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" The songs of our ancestors

are also the songs of our children "

The Druid Way

Sacred Places and Their Shadows

July 26th, 2011

We’re so used to thinking about sacred sites as ‘special’ and ‘magical’ that any ‘shadow’ they might cast gets scant attention. When I was asked to write a book about them, I discovered to my dismay that the most well-known create vast carbon footprints, with millions traveling across the world to visit them and  use up local resources… but shadows are enigmatic and there are threads of gold in the darkness: local economies thrive because of them, hearts and minds are opened by them.

The other day, Peter Owen-Jones talked for Transition Towns in Lewes, and he mentioned the damage caused by the concept of ‘consecrated space’ – of the way in which by consecrating a church, for example, it was supposed to  make it different, more holy, than your own garden. Here was a thought: that designating a place ‘sacred’ damages our sense of the whole Earth being sacred.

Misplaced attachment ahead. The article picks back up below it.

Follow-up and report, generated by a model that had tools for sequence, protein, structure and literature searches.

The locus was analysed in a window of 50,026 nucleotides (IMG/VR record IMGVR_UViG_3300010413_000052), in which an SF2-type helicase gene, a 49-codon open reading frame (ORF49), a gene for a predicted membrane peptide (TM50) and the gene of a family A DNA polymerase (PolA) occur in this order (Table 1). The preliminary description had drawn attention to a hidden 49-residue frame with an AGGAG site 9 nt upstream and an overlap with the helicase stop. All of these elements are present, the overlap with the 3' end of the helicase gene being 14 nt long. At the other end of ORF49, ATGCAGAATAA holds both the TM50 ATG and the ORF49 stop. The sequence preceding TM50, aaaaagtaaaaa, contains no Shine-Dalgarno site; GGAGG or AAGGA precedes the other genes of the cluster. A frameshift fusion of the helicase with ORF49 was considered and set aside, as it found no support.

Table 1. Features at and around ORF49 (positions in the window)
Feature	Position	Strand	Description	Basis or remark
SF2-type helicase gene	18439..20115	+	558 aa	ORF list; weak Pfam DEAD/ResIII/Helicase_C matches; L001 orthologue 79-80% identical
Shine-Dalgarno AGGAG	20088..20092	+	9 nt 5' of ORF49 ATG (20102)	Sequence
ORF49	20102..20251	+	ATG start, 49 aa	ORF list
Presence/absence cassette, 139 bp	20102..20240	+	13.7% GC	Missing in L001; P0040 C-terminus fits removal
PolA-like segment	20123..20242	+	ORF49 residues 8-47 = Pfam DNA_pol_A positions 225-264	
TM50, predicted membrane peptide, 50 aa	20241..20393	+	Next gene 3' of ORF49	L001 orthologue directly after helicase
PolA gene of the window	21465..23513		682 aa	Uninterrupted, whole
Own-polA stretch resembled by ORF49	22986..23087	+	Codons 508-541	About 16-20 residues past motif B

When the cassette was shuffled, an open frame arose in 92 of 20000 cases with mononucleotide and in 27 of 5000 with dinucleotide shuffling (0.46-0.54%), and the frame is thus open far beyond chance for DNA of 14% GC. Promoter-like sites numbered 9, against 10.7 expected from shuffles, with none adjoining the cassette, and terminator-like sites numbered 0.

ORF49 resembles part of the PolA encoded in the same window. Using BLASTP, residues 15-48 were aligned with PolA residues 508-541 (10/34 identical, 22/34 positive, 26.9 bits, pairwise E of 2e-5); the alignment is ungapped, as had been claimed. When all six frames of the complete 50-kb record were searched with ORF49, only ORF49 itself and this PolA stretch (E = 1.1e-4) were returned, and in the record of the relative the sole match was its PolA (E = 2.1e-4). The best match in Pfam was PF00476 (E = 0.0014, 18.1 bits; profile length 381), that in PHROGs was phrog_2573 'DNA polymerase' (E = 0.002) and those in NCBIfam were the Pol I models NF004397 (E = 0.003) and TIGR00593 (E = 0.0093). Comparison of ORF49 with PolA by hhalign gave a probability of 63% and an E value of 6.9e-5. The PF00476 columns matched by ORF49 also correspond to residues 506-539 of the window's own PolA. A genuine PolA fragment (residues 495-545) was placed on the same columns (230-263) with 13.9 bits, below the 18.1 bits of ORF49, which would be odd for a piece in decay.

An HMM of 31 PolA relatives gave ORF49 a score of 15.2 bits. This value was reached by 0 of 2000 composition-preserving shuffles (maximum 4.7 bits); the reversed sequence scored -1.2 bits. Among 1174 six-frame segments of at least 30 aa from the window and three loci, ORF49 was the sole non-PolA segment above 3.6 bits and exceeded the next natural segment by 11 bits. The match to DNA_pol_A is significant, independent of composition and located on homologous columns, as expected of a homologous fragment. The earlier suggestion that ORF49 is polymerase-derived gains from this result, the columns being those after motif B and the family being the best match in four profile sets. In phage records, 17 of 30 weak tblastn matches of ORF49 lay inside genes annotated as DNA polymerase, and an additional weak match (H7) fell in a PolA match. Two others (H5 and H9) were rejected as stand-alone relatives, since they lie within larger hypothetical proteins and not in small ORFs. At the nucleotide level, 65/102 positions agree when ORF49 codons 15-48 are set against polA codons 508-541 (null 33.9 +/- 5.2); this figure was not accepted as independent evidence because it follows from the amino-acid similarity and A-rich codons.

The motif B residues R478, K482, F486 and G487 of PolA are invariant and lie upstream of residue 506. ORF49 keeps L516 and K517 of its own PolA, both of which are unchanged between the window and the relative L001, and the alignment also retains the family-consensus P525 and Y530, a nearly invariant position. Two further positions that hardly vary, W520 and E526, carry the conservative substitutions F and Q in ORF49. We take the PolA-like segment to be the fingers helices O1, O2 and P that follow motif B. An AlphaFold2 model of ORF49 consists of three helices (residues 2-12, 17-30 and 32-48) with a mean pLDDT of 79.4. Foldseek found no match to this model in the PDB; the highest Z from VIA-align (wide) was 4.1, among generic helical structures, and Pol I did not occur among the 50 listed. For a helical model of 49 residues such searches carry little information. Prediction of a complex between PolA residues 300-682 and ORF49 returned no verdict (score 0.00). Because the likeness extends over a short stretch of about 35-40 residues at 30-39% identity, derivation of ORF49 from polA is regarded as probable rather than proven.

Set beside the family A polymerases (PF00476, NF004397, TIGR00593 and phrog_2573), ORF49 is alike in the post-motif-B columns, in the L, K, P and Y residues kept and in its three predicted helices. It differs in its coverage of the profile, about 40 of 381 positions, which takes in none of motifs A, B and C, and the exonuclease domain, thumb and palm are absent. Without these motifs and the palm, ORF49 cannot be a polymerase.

Quercus has just re-published the book I wrote on sacred sites in a smaller edition. They’ve done a lovely job, and the new edition is even more pleasing to the eye than the bigger one for some reason. Some of the shadows are discussed in the book, but most of it is a celebration and an exploration, and I guess it’s up to each of us to decide whether the idea of sacred places is uplifting or problematic.

Francis Cameron, in a review, wrote: “I am really enchanted with this book. As I turn the pages I feel I am actually present at each place. I’ve not had this experience with a book before.”  The book’s website is here:

And if wild horses won’t stop you buying it at once, the Amazon UK link is here, and the Amazon US link is here.

If you’d like a copy dedicated to you and signed you can get this from the Order’s bookshop here.

3 Responses to “Sacred Places and Their Shadows”

  1. A friend, who is a southwest archaeologist, told me the following story. He was out in the field with three of Zuni elders, looking for sacred sites. This was near the New Mexico and Arizona border and throughout the hot day two of the elders showed him several sites. At the end of the day they were driving back to the pueblo, and he asked the third elder why he had not spoken of any sites. The Zuni elder smiled and said “it is all sacred.” Hartley

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